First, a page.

Where were all the senators at the reception in the Capitol recently dedicated to caviar. With champagne at hand to wash it down? Free caviar and champagne would draw a throng elsewhere. Instead guests were able to sample - and resample - surgeon eggs and smoked sturgeon at their leisure. A few senators appeared, Hawaii's Matsunaga and New York's Javits, among them. But Middle America was nowhere to be seen.
Hard-core elitists might claim it was a case of taste discrimination. The caviar had not been imported from Iran or the Soviet Union. It came from California as did the champagne.
The intention of the Californians who put on the show was to make Congress (and presumably the rest of us) aware that there is caviar to be mined out West beyond the gold fields in the waters of the Sacramento River. Only sports fishermen have the legal right to catch sturgeon in California rivers at this time. Limited amounts are processed for sale legally further north on the Columbia River, however.
Advocates of "aquaculture" (an increasingly hot political buzz word meaning, of course, farming the wealth of the sea from the University of California at Davis would like the federal government's said for a project to study the maturation cycle of the sturgeon and for experiments in artificial breeding. Sergi Doroshov, a Russians native now on the staff at Davis, is convinced sturgeon can be in essence, domesticated and milked like cows in two-year cycles.
"According to a university spokesman. California fish and game officials are interested in the project, but "considering conditions now (meaning in the aftermath of Proposition 13), we hope to work with federal funds."
S.I. Hayakawa, the state's Republican junior senator, seemed impressed. "I didn't know we were in the business of producing caviar, even for cocktail parties," he said.
The caviar in question had been processed by an infant firm eager to see this infant industry grow. Mats Engstrom and his wife, Daphne, launched their "gourmet seafood" firm, California Sunshine, Inc., only this spring.
Both come from Swedish back-grounds and share an inherited fondness for cured salmon and sturgeon, fish roe and crayfish. They are "exporting" these products to New York and Boston and have sent California crayfish to France and Scandinavia. The caviar challenge is irresistible.
"We've been selling it commercially on a very small scale," Mrs. Engstrom explained. "But ours will sell for $90 a pound in the stores. That's $3.75 an ounce. Fresh Russian caviar costs $10 to $12 an ounce."
In anticipation of the next question, she already was offering a comparative tasting of one-week and three-week-old samples of the West Coast product. She preferred the mild, younger version, though a number of the guests opted for the more forceful three-week-old sample. "It's like Camembert cheese," she said. "It gets stronger as it ages and the choice depends on what you are used to."
Mrs. Engstrom and Doroshov both insisted that West Coast caviar is a superb product, lacking only the reputation of that harvested from the Caspian sea. They did agree, however, that the Russians and Iranians do have an edge in processing expertise.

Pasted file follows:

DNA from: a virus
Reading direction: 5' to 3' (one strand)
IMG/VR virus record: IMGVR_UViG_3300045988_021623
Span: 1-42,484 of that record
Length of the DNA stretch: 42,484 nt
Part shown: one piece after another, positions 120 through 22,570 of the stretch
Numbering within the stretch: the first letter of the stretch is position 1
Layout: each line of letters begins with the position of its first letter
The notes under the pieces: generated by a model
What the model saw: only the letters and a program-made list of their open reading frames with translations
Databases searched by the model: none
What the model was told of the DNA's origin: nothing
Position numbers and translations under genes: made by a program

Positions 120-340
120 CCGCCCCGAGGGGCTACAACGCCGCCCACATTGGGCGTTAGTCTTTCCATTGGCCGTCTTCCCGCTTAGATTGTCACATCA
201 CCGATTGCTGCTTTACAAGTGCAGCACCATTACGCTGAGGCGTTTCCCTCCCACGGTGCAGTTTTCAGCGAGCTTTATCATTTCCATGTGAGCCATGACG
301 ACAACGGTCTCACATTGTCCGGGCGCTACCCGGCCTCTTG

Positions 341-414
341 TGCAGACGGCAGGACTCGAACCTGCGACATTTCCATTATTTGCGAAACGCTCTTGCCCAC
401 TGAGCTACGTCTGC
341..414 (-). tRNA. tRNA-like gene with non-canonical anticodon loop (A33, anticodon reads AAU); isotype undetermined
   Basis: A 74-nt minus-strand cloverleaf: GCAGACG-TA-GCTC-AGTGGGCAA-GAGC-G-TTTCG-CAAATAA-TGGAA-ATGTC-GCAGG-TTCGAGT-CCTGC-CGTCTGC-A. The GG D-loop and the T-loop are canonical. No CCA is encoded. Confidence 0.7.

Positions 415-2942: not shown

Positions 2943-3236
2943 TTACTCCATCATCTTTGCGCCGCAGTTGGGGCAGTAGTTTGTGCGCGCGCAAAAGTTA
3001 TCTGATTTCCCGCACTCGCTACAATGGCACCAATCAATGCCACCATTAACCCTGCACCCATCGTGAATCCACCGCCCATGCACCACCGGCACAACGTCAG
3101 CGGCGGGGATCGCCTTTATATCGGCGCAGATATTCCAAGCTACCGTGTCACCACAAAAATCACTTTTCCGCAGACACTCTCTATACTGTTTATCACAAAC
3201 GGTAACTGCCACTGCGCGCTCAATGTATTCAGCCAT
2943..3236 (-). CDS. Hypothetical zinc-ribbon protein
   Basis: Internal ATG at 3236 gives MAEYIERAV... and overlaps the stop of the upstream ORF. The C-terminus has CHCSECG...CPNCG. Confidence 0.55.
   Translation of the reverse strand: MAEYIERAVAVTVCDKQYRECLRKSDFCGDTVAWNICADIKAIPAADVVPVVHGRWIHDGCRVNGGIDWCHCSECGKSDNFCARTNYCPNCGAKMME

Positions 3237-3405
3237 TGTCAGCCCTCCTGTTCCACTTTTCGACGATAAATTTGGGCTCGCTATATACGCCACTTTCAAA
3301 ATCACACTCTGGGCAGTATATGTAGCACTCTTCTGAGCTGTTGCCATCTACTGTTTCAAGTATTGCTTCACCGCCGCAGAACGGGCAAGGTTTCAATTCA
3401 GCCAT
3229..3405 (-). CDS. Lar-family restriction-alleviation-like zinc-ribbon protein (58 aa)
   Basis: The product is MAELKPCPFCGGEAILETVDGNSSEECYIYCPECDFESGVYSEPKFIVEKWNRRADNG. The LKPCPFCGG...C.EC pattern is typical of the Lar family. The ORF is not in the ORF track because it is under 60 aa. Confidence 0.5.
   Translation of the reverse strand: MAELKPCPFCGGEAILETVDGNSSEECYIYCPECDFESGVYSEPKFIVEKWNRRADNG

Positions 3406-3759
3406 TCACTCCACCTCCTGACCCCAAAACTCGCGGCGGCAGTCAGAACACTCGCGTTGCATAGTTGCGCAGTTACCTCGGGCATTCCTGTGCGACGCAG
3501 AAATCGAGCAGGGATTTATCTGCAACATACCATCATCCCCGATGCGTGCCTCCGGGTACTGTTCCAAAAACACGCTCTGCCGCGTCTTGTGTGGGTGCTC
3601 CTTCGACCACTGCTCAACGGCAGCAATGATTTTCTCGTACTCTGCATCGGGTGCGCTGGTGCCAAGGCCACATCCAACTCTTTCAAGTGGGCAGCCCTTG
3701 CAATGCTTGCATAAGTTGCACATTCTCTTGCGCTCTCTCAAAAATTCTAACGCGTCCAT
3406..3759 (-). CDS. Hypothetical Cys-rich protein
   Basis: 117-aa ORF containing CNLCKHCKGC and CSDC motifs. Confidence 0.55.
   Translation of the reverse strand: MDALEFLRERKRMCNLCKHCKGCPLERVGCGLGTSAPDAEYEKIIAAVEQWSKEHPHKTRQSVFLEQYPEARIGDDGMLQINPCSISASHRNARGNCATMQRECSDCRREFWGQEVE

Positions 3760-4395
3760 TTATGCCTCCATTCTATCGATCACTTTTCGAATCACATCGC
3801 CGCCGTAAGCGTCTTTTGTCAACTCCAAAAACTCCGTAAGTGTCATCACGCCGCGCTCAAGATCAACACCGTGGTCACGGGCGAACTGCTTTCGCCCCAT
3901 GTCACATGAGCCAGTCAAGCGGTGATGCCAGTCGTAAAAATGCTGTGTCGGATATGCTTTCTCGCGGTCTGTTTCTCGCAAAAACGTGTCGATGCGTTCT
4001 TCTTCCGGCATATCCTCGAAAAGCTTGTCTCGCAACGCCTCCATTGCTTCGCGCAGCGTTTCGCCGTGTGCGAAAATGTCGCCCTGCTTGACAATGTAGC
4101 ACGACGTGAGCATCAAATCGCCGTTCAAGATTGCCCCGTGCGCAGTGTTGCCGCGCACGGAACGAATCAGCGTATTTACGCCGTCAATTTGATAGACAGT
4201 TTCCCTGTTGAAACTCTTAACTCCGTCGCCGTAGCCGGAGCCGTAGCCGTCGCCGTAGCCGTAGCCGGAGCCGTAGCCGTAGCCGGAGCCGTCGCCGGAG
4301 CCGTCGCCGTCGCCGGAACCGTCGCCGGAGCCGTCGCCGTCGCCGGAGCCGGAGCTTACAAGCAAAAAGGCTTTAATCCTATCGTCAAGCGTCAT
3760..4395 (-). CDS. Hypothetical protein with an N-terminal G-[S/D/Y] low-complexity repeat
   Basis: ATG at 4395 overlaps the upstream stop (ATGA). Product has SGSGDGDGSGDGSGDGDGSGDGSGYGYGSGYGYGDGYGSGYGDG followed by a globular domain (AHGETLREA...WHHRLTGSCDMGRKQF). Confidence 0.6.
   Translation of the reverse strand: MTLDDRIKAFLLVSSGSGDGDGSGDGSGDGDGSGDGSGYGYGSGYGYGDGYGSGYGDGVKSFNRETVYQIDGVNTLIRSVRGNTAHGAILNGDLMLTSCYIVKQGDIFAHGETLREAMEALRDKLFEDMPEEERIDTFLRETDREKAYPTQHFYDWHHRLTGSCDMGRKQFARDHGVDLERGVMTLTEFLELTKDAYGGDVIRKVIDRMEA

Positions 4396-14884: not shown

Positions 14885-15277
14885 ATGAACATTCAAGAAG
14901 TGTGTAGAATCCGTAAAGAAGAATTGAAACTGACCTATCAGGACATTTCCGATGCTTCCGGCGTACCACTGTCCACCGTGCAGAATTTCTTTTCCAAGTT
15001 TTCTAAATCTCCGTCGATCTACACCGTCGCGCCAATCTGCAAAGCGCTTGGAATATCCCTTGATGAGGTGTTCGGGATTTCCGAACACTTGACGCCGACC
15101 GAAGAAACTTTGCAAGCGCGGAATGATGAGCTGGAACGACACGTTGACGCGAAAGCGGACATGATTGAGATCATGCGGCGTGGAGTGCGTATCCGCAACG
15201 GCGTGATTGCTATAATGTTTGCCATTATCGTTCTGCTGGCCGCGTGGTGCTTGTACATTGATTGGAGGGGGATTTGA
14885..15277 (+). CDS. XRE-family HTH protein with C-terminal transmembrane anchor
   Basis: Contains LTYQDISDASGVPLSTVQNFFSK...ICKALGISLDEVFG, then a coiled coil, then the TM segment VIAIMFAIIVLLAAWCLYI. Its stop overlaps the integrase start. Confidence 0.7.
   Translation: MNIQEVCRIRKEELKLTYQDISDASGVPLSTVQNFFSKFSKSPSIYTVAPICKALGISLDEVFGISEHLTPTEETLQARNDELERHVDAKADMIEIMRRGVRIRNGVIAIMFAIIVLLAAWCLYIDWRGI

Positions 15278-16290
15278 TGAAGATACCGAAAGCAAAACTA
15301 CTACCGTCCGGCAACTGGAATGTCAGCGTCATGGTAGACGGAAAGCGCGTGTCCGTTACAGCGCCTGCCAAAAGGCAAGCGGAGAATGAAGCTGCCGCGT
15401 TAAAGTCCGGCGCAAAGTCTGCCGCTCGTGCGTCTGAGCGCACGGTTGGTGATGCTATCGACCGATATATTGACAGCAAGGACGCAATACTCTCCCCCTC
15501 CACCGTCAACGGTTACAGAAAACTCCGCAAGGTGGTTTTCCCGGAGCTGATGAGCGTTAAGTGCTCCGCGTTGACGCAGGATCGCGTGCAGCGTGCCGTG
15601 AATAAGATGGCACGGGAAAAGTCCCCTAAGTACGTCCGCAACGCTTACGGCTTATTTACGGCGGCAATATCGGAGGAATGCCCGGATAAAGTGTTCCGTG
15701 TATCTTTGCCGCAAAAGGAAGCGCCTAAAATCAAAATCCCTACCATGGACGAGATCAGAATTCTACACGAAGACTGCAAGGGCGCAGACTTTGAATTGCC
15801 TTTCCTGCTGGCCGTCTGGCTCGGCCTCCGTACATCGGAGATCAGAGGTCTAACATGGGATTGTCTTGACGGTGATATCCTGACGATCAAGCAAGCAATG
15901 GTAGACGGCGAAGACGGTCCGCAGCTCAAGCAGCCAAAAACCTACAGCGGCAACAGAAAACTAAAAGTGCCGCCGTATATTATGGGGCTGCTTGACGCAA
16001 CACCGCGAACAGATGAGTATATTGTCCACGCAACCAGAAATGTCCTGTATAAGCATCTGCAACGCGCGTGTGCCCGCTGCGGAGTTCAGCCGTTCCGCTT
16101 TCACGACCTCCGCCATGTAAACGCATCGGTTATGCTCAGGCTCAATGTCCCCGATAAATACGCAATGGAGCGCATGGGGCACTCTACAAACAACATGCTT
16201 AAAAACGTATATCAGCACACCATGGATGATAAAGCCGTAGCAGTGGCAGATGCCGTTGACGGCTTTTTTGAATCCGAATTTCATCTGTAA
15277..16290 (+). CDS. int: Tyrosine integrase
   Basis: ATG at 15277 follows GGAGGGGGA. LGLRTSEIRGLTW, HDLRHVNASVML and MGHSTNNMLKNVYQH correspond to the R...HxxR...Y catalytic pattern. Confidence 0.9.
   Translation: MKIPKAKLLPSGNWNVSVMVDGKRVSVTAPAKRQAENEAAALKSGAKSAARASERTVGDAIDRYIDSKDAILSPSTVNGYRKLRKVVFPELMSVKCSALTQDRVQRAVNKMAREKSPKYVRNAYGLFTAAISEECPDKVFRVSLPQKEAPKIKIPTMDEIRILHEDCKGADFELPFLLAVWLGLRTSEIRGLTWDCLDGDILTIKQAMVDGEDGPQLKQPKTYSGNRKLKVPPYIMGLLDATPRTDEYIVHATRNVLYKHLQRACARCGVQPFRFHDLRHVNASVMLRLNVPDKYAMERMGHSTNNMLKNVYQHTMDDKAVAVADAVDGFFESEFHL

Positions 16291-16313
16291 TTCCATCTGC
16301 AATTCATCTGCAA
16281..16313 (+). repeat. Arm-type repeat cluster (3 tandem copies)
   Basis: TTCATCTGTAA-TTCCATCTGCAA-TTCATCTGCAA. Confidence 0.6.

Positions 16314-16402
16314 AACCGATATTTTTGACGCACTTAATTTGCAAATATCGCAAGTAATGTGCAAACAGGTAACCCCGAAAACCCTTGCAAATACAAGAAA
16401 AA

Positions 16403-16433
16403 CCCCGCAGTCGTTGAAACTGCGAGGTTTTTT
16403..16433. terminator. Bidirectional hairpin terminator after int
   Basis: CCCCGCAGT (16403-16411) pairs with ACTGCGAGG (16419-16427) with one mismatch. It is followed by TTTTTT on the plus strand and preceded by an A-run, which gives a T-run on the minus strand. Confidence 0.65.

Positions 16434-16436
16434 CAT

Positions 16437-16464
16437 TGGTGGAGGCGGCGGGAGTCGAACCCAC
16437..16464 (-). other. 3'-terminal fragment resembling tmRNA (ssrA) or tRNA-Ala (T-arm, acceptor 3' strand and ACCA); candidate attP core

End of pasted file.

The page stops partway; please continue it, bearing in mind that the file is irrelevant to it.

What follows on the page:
It wasn't always thus, though. The caviar industry should not be considered an infant industry, but rather one being re-born.In the last century sturgeon were harvested along the East Coast and vast quantities of their caviar were exported to Europe.
Perfection is elusive, even for the greatest of chefs. Take the case of the three-star chef and his hamburger experiment.
France's Jean Troisgros, the bearded half of the brother tandem that directs Restaurant Troisgros in Roanne, crossed the Atlantic last week to New York City. At the invitation of Warner Leroy, the guiding light of Maxwell's Plum and the Tavern on the Green, he cooked dinner Tuesday and lunch the following day for small groups of invited guests.
Working with the Taven's kitchen staff. Troisgros unveiled - among other dishes - a chicken salad with truffles and a fish "pepper steak" at the dinner. The luncheon began with cubes of fresh foie gras lightly dusted with small grains of pepper and plump fresh snails glistening from an aromatic parsley butter bath.
After the guests took their seats, hot oysters on a bed of seaweed arrived, topped with shreds of vegetables and a sauce representing the embrace of a buttery sun and a faintly creamy sea. Allowing only time for a chorus of sighs and the pouring of fresh wine, Troisgros sent in a rendition of his most famous preparation, salmon in sorrel sauce.
The green-flecked liquid on which the salmon rested was less creamy and more charged with lemon that that served in Roanne, but exquisite to taste, as was the barely cooked escallop of salmon. As they savored the sauce, Leroy helped the diners retain their dignity and limit their consumption of bread by having spoons passed.
As the wine changed from white to red a new plate appeared. On it were several morsels of tender pork loin, subtly flavored with tarragon, and an oval patty of faux fillet hache , known in translation as "chopped steak" or hamburger.
The port, delicious as it was, couldn't compete with the lingering tastes of Troisgros' gifts from the sea. The hamburger presented no grounds on which to raise the tricolor of France. It was thin, flat and over-cooked. The only signs of hand-crafting were an imprecise perimeter and a sense of seasoning on the tongue. McDonald's rather than a vision of hamburger heaven, had been its inspiration. How sad, except for one thing: it did serve as a vehicle for a fresh tomato puree of marvelous zest and flavor.
Host Leroy was inspired. "I know this can sell," he exclaimed. "We'll bottle it and call it catsup." Then, with a sesame-seed roll and a score of other diversions to surround it, people will ignore that dried-out piece of meat.
Who says Americans can't teach the French anything about cooking?